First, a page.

With all the hoopla over the debt ceiling debate and the stock market drop, few people noticed last week that the IRS just added more work for payroll departments.
The IRS said last week that it would require employers to manually enter the Taxpayer Identification Number (TIN) shown on W-2 forms for all taxpayers with Individual Taxpayer Identification Numbers (ITIN) who are reporting wages for tax year 2011.
They also stated that no software package should use an auto-population feature, regardless of the presence of an override feature, to populate the TIN on Forms W-2 for ITIN filers. Failure to comply with the new rules could result in a written reprimand, suspension, or even expulsion from the e-filing program.
An ITIN is a 9-digit number that always begins with 9 and has a range of 70-88 in the fourth and fifth digits. The IRS issues ITINs to individuals who are required to have a TIN, but who do not have, and are not eligible to obtain, a Social Security number (SSN).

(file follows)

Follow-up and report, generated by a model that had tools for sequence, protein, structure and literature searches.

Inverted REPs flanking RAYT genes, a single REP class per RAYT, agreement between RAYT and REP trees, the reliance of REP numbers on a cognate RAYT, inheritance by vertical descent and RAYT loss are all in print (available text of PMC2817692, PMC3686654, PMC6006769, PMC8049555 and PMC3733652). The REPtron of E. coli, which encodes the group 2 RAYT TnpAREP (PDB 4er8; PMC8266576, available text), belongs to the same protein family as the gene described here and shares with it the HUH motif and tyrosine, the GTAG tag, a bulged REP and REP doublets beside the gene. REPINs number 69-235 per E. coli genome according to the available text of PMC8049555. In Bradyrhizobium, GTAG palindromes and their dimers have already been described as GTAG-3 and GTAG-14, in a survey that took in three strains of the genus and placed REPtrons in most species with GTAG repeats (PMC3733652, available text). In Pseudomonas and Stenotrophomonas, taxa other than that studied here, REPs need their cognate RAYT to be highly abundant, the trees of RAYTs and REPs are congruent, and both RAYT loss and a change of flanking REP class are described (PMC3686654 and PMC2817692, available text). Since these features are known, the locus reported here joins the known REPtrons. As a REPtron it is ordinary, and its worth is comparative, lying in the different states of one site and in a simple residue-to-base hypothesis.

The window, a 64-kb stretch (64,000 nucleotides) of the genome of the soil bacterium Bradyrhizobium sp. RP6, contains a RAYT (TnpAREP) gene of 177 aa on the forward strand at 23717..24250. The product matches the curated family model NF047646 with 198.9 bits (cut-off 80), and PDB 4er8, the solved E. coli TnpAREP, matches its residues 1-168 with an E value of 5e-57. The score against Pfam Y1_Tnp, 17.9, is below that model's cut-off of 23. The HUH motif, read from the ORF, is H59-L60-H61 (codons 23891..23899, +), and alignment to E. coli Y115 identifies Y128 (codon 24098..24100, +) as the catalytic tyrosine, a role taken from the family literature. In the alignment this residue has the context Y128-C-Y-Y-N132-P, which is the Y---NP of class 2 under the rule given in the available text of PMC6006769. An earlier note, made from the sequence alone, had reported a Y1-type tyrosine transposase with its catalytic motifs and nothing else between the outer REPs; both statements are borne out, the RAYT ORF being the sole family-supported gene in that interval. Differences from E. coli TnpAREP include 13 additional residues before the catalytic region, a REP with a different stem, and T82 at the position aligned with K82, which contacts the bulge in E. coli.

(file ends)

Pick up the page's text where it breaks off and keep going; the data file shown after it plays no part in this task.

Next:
Who needs an ITIN?
IRS issues ITINs to foreign nationals and others who have federal tax reporting or filing requirements and do not qualify for Social Security numbers. A non-resident alien individual not eligible for a SSN who is required to file a U.S. tax return only to claim a refund of tax under the provisions of a U.S. tax treaty needs an ITIN.
Other examples of individuals who need ITINs include:
• A nonresident alien required to file a U.S. tax return.
• A U.S. resident alien (based on days present in the United States) filing a U.S. tax return.
• A dependent or spouse of a U.S. citizen/resident alien.
• A dependent or spouse of a nonresident alien visa holder.
While this change does seem to lack some common sense, it is part of an ongoing IRS effort to crack down on taxpayer and tax return preparer fraud.